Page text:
For those of you who don’t know me, my name is Sarah Mosher and I am hard of hearing and wear just one hearing aid. When I first started attending HLAA meetings last fall, I was quite awed at what the Chapter was accomplishing here in Kansas City. It spurred me to apply for a scholarship to attend the convention in Milwaukee this year. I was a lucky recipient of the Starkey Scholarship for Young Adults, and off I went to the convention last Thursday.
I’ll admit I didn’t think it would be all that awesome of a convention. I kinda figured a lot of the workshops would be rather dull and there wouldn’t be that many young people for me to meet. I’ll happily confess I was completely wrong! I’ll try to hit the highlights of the trip and not write a book here, but it’s going to be hard…
Milwaukee itself is a lovely city and the weather during the four days I was there was absolutely gorgeous! I enjoyed the food at several local restaurants and highly recommend Buck Bradley should you ever get out that way. Also, take a chance on the local Cheese Curds – they are quite a hit!
I’ll go over two of the many exceptional workshops I attended. These are the ones that really stuck in my head the most. The first was a medical workshop called “Regenerative Medical Therapies for Hearing Loss” by Samuel P. Gubbels, M.D. He went over a wide range of methods, successes and failures, but the gist of the speech is that they are working quite hard on developing ways to regenerate hair growth inside the cochlea. This regenerative hair cell, when done correctly, could eventually re-learn how to hear. While the hair cells have been successfully regenerated in mice, the re-learning to hear aspect has not been consistently successful. Dr. Gubbels believes it is possible, just not in our lifetime.
The second workshop that make a big impression on me was “Taking off the Mask-Strategies to Stop Bluffing (Bluffing 201)” by Gael Hannan. The main thing to be said of Ms. Hannan is this: she is hilarious! She took a subject matter that is quite common and often not funny and turned it into a great workshop where we were able to laugh at ourselves and some of the situations we’ve all been in. The basic definition of “bluffing” here is: to nod your head or acquiesce understanding when you really have no idea what is being said. She also went through a myriad of ways that we, as hard of hearing people, can kindly but firmly let others know what our needs our in daily conversations. It was a great learning workshop. I would definitely go see her again.
On the social side, there were more young adults in attendance than I had expected. I met many people and left with quite a few new friends. What I found interesting was that each of us was quite different in our hearing losses and our communication methods. There were several people who had severe hearing losses and did not voice for themselves but relied on sign language to communicate. Then there were several others who had had no exposure to sign language at all. And of course, there was quite a variety of people in-between. All of these people hung out together and communicated easily, no matter what method was being used. This show of acceptance and kinship was absolutely stunning. I’m still in awe.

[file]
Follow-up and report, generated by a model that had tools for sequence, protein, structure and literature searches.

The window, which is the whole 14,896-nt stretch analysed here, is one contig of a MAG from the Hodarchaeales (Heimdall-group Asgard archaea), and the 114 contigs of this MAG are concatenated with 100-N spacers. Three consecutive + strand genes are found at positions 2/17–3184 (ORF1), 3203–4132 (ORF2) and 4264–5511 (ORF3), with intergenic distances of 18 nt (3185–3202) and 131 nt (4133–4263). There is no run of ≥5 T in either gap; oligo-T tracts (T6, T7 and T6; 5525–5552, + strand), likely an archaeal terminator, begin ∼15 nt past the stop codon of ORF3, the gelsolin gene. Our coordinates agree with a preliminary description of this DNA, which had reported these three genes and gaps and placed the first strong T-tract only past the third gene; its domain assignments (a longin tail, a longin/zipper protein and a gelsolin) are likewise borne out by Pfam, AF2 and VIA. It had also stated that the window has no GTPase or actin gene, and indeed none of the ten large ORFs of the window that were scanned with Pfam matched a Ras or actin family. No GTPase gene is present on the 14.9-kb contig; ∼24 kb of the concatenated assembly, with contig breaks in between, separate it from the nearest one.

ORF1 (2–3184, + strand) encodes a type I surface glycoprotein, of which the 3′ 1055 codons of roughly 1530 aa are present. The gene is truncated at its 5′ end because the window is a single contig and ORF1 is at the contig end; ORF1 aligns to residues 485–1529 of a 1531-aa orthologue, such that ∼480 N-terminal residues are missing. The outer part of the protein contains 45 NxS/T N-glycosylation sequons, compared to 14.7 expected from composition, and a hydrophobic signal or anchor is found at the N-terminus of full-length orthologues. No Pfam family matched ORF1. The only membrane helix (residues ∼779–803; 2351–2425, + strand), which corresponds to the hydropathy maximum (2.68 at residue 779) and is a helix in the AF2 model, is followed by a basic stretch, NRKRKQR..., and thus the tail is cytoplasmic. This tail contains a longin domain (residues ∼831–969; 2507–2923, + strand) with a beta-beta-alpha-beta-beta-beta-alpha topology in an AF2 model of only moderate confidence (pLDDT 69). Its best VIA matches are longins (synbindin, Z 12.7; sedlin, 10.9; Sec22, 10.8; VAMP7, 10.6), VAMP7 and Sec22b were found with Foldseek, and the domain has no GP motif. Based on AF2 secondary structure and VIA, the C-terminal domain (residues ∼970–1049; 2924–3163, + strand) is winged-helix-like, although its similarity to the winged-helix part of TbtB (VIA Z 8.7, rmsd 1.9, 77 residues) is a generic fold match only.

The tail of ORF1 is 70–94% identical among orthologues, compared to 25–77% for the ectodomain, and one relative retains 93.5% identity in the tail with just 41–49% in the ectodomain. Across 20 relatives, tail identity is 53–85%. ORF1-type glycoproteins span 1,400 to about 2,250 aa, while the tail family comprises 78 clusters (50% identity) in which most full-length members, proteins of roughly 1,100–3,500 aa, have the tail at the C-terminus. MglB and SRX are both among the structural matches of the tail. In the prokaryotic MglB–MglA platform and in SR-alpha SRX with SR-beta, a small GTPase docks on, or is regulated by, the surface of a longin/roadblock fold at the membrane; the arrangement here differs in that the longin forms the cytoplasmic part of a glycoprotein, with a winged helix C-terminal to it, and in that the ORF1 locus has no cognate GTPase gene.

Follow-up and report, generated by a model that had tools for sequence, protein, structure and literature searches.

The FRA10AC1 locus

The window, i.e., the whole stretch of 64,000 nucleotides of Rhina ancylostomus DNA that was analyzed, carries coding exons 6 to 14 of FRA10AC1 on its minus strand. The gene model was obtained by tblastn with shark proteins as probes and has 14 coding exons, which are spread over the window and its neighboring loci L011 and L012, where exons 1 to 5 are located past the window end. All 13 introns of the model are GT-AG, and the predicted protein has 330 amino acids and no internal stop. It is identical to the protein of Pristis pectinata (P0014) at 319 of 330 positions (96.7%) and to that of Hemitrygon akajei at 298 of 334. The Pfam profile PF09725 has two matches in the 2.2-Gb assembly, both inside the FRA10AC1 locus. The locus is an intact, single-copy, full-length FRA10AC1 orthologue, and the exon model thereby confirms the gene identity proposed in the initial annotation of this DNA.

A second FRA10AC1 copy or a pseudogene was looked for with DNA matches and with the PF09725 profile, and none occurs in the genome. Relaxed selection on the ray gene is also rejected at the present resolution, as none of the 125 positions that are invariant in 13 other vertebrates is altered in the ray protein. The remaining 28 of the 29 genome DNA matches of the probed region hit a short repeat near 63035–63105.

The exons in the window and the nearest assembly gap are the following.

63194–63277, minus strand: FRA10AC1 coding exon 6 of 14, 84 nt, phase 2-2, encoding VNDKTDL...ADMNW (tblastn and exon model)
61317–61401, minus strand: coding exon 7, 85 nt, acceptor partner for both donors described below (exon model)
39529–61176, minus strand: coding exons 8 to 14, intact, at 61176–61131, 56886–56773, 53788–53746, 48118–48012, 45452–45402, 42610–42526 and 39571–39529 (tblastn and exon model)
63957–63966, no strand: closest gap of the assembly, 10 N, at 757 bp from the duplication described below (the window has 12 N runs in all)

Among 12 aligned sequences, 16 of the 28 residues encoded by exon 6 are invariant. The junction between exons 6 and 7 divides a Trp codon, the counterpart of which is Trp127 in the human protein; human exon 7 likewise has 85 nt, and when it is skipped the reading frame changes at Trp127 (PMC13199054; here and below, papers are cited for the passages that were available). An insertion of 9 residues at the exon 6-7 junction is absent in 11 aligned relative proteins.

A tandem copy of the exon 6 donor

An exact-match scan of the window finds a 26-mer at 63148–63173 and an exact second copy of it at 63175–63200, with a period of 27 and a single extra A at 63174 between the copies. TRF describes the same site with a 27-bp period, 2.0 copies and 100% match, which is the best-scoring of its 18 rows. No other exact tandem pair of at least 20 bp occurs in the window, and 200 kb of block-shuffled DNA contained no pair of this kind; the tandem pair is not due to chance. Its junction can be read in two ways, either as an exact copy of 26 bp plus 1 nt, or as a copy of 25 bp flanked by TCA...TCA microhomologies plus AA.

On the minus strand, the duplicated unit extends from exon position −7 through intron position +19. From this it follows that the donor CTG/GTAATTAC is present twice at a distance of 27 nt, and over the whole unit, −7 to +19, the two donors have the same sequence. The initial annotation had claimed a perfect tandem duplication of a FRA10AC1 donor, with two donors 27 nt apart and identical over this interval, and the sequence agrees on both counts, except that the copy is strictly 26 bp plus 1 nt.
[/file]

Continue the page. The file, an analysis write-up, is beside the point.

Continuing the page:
On Friday evening, a small group of us attended the Harley Davidson Museum banquet and tour. The banquet was quite a spread of hearty biker food, and we were treated to the lovely vocals of Mandy Harvey, who sang jazz tunes for us. After satiating our hunger and our ears, we were allowed to travel through the huge, multi-floored museum of motorcycles. I can’t say how fabulous they were!
On Saturday night, HLAA set up a comedy club improv night for us to attend. I have never been to a real improv show because, of course, it’s quite hard to follow along. In this instance, a CART captioning screen was integrated into the set design. We had two captioners, Lisa and Lisa. I never did know if they were both really named Lisa, but the actors sure had fun with that! The “referee” of the improv had an absolute blast with our CART screen. He made this comment: “I don’t even have to remember what I’m saying! All I have to do is turn to the screen and read my own thoughts!!” The captioners did a fabulous job of keeping up with all the actors, and everyone had an awesome time. Even Vic, who was actually up on stage as a volunteer! Just call him the “Curious Monkey” and hopefully he’ll blog about his experience 😉
Now I’m far past the blogging mode and well on my way to writing a novel here, so I’ll close up just by saying that it was a fabulous experience and I have every intention of repeating it again next year. A shout-out to the lovely Kansans who attended the convention with me: Dennis, Kelly and Vic, and all the wonderful new friends I made in Milwaukee.
Feel free to email me with any comments or questions you may have! Thanks!